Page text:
Category Archives: IS Terrorist Attacks

How the Islamic State Claims Terrorist Attacks

By Kyle Orton (@KyleWOrton) on February 4, 2017

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With the attempted terrorist attack using machetes at the Louvre museum in Paris yesterday by Abdullah Reda al-Hamamy, whose social media history shows statements at least sympathetic to the Islamic State (IS), it raises once again the question, making no assumptions about al-Hamamy’s motives, of how connected the organization headquartered in Raqqa is to the attacks taking place around the world under IS’s banner—and how we would know.

As IS’s attacks outside of the statelet it has built in Iraq and Syria increased in frequency over the last year, a rather routinized mechanism has developed for attributing blame: IS claims the atrocities—or attempted atrocities—through Amaq News Agency. Continue reading

The Islamic State’s Terrorism Guides

By Kyle Orton (@KyleWOrton) on November 27, 2016

Junaid Hussain

Junaid Hussain

The Islamic State (IS) has been putting a lot of effort recently, especially over the summer, into directing attacks outside its caliphate, particularly in Europe. While many of these attacks are initially reported as “lone wolf” incidents, it has become increasingly clear by IS’s method of claiming these attacks that IS’s Amn al-Kharji, or foreign intelligence service, is guiding these attacks—walking the would-be murderers through the attacks emotionally, ideologically, and logistically. Continue reading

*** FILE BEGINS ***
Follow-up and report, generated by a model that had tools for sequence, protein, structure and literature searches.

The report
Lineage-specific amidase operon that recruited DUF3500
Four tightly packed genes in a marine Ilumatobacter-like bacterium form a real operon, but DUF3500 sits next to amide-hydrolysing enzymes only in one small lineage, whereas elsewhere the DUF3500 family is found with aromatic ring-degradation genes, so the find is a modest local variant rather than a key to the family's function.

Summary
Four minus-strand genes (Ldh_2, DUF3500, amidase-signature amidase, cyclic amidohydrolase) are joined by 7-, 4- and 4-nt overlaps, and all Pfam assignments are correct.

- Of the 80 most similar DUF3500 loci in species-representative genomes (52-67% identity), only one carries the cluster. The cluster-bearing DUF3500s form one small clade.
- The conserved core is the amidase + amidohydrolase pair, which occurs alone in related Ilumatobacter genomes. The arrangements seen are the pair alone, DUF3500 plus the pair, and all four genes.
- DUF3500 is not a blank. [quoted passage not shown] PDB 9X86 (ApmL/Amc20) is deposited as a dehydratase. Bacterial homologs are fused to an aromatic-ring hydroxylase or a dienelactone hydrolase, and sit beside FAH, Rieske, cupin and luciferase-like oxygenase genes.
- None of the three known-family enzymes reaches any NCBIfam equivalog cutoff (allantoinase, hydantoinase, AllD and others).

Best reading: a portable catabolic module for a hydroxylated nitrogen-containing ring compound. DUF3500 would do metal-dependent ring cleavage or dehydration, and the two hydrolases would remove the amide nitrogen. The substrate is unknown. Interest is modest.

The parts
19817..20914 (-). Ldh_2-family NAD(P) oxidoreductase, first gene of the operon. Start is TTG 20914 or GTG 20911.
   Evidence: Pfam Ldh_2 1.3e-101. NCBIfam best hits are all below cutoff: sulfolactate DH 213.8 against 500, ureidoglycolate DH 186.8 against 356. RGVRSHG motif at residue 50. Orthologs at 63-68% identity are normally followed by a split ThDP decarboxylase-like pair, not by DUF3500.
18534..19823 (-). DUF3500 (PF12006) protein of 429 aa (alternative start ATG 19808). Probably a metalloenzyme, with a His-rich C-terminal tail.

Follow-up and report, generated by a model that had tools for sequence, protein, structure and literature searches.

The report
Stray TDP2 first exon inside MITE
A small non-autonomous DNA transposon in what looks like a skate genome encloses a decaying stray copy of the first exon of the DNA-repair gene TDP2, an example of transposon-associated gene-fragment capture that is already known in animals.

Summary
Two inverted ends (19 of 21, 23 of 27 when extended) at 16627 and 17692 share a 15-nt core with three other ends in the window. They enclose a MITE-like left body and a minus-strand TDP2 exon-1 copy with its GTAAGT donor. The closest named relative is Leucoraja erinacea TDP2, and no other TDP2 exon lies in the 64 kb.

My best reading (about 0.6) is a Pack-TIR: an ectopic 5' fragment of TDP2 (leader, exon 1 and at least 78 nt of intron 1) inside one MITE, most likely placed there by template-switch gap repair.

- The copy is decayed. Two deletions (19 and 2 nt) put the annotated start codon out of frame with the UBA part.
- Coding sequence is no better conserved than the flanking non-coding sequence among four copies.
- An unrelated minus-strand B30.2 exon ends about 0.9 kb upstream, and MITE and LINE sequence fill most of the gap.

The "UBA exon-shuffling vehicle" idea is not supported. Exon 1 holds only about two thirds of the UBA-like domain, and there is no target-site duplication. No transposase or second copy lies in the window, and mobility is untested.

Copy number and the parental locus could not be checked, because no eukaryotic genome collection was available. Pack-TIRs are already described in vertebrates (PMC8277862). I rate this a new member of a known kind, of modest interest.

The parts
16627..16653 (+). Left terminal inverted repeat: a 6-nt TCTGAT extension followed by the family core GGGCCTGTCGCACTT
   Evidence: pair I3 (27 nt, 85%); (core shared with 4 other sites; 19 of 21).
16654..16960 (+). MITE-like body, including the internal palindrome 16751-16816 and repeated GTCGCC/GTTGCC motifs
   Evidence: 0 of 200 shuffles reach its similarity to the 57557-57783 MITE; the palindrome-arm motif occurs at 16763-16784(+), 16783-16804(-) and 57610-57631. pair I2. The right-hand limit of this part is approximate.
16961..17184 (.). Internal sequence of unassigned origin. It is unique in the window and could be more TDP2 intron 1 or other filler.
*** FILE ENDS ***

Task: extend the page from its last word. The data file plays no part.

Bomber in New York and New Jersey Influenced By Jihad

By Kyle Orton (@KyleWOrton) on September 25, 2016

Ahmad Khan Rahami

A series of bombings that injured around thirty people were carried out in New Jersey and New York on 17 September 2016, allegedly by a 28-year-old born in Afghanistan, Ahmad Khan Rahami, who was arrested after a shootout with police. Rahami’s motive was clearly Jihadi-Salafism, though the evidence shows influences from both al-Qaeda and the Islamic State. Continue reading

The Islamic State Guided the Normandy Church Attack

By Kyle Orton (@KyleWOrton) on August 22, 2016

Normandy church killers, Adel Kermiche and Abdelmalik Petitjean, swear allegiance to the Islamic State [video, 27 July 2016]

Normandy church killers, Adel Kermiche and Abdelmalik Petitjean, swear allegiance to the Islamic State [video, 27 July 2016]

In Saint-Etienne-du-Rouvray, south of Rouen in Normandy, northern France, on 26 June 2016, two men wielding knives took five hostages in a church around 10:00 local time (just a bit before).[1] Initially there were six hostages consisting of a priest, three nuns, and two worshippers, but one nun managed to escape and alerted the authorities, who surrounded the church.[2] The attackers murdered the priest, Jacques Hamel, 85 (born 30 November 1930[3]), making him kneel on the alter and slitting his throat while preaching in Arabic.[4] One of the nuns present said that while the two killers were initially nervous and aggressive, by the time of the murder they seemed content: one of them gave “a soft smile, that of someone who is happy”.[5] An elderly male worshipper was handed a mobile telephone and made to film the attackers slaughtering the priest, and was himself then slashed and grievously wounded.[6] That footage has not been released, but almost certainly will be at some point. “The two men had cried Allahu Akbar (God is Great) as they left the church with three of the hostages. One man had a fake suicide belt made of aluminium and three knives; the other was carrying a backpack made to look like a bomb and a kitchen timer.” The two attackers were shot dead by police.[7] Continue reading